How does your credit score affect your life?
Try our quiz to see how your credit score can impact more than just your money
Why is it important to know my credit score?
If you know your credit score it can help you understand how lenders make decisions about you as a borrower – and crucially whether you’re likely to be accepted or rejected.
If your credit score is low, you can also start to explore why that is the case and take steps to improve it. This should put you in a stronger position to make applications for credit in the future.
You can check your credit score for free with our Credit Monitor service.
Credit Monitor uses information from credit reference agency TransUnion to calculate your credit score, and will also give you helpful, personalised hints and tips on how you can boost your rating.
It will also keep a close eye on your credit file and let you know about any suspicious activity - such as someone applying for a credit card in your name, so you can look into it quickly and stop any potential fraud. Find out more in our Credit Monitor FAQs.How do lenders use credit scores?
Lenders give you a credit score based on their own criteria. They’ll set a minimum score you need to reach to be eligible for the credit you’re applying for.
If you score under a lender's threshold, it may decide not to lend you the money, or it may charge you more to do so. Some lenders specialise in loans for riskier customers and may offer credit where another bank might not.
Lenders don't have to tell you what your score is or how they worked it out – but they should give you a basic explanation of how scoring works, and whether your application has been refused because of your credit score or your credit report. They should also tell you which agency they used, so you can correct anything that is wrong in the report.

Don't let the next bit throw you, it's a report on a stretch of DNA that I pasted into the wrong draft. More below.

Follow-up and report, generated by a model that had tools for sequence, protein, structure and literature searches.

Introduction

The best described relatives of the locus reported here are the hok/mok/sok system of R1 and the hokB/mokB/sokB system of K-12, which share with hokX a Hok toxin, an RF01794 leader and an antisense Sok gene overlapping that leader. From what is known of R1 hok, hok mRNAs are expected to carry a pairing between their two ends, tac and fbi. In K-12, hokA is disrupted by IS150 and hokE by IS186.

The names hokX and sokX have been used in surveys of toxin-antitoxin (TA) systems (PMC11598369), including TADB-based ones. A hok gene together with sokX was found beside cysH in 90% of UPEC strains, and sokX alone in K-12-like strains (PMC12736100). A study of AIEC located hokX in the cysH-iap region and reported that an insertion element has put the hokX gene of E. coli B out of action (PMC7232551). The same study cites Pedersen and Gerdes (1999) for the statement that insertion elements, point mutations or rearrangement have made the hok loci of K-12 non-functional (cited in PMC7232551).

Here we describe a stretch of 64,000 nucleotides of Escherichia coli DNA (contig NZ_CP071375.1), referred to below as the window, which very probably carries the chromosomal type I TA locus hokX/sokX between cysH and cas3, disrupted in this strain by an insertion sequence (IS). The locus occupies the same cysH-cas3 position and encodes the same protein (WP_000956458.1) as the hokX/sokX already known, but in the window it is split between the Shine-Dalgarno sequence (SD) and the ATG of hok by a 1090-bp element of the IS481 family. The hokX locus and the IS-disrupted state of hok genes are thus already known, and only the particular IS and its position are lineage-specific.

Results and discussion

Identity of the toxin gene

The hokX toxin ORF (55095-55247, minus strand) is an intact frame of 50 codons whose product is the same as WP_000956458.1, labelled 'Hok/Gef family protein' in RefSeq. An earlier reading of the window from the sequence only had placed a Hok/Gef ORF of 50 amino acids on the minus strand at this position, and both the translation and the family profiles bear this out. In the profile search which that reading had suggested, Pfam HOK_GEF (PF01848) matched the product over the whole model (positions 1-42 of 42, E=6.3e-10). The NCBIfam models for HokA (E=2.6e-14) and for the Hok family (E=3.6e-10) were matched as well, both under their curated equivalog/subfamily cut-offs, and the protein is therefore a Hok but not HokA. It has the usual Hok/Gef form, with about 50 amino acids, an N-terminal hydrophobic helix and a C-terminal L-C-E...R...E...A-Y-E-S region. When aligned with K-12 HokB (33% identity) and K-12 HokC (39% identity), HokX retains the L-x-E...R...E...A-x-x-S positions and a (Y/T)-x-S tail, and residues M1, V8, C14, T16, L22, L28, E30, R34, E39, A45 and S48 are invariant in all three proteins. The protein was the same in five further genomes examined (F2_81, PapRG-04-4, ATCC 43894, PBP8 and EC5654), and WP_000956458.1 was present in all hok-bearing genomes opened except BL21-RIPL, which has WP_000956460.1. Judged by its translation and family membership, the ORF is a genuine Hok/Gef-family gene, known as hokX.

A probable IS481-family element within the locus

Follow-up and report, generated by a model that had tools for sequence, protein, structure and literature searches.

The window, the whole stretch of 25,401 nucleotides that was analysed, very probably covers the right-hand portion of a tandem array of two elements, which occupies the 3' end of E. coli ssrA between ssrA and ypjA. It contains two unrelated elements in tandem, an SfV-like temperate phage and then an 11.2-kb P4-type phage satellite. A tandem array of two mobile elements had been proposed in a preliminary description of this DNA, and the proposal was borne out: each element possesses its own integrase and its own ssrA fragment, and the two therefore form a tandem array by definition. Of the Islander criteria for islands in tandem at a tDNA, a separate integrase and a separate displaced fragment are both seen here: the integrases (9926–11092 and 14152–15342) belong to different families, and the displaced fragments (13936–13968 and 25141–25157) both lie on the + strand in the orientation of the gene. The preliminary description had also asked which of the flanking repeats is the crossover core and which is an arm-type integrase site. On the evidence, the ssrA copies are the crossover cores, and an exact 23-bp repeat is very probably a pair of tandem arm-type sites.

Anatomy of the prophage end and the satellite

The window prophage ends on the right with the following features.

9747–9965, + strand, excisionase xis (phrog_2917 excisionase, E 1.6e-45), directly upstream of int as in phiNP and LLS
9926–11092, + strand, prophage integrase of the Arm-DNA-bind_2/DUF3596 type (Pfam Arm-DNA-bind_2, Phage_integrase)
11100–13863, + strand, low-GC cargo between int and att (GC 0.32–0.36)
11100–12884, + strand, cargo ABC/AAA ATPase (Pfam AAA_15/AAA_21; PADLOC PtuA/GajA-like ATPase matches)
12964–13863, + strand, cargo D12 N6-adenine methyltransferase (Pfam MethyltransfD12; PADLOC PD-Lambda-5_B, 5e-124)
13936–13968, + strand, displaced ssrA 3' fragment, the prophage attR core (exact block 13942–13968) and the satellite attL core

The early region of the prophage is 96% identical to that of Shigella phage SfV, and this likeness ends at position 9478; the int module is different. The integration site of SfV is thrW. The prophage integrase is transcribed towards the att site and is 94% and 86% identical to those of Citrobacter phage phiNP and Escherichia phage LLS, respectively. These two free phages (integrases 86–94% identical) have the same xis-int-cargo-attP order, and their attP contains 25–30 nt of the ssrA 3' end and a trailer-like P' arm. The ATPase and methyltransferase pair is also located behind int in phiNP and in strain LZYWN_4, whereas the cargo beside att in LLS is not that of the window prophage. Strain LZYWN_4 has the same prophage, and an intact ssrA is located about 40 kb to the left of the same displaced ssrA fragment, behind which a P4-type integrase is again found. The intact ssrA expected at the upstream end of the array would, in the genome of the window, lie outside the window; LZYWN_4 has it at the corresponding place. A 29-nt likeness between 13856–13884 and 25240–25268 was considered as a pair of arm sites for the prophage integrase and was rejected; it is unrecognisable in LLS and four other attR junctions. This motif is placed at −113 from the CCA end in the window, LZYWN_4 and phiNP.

Your payment history. Whether you pay on time has the biggest impact on your credit score. Try to avoid missing any payments as this can stay on your credit report for up to seven years
How much you owe. The key factor here is how much of your available credit you are using. This is called your credit utilisation ratio by lenders. It gives lenders an idea of whether you live comfortably within your credit limit or you’re already stretched financially
Length of credit history. Lenders will look at how long you’ve held active accounts. The longer you’ve had credit accounts that you’ve used responsibly, generally the higher your credit score
Credit mix. If you have shown you can handle different types of credit, such as a mortgage, car loan and credit card, this can give your score a bump up
New credit. If you’ve made a lot of applications for credit or opened a number of new accounts recently, you’re likely to be seen as a greater credit risk. That said, the credit agencies are getting better at recognising that customers shop around and that this activity shouldn’t always be marked down as a negative
What will negatively affect my credit score?
Knowing what can harm your score can help you avoid the problems. The main red flags on your credit file are:
Late or missed payments
County court judgements against you
Using all your available credit every month
Not being on the electoral roll
Making too many applications in a short period
Not closing unused credit accounts
Not having a long credit history*
*This might be unavoidable if you are young, for example, and have not had a credit card or loan before. But there are things you can do to start building a credit history.
What happens if I have no credit history?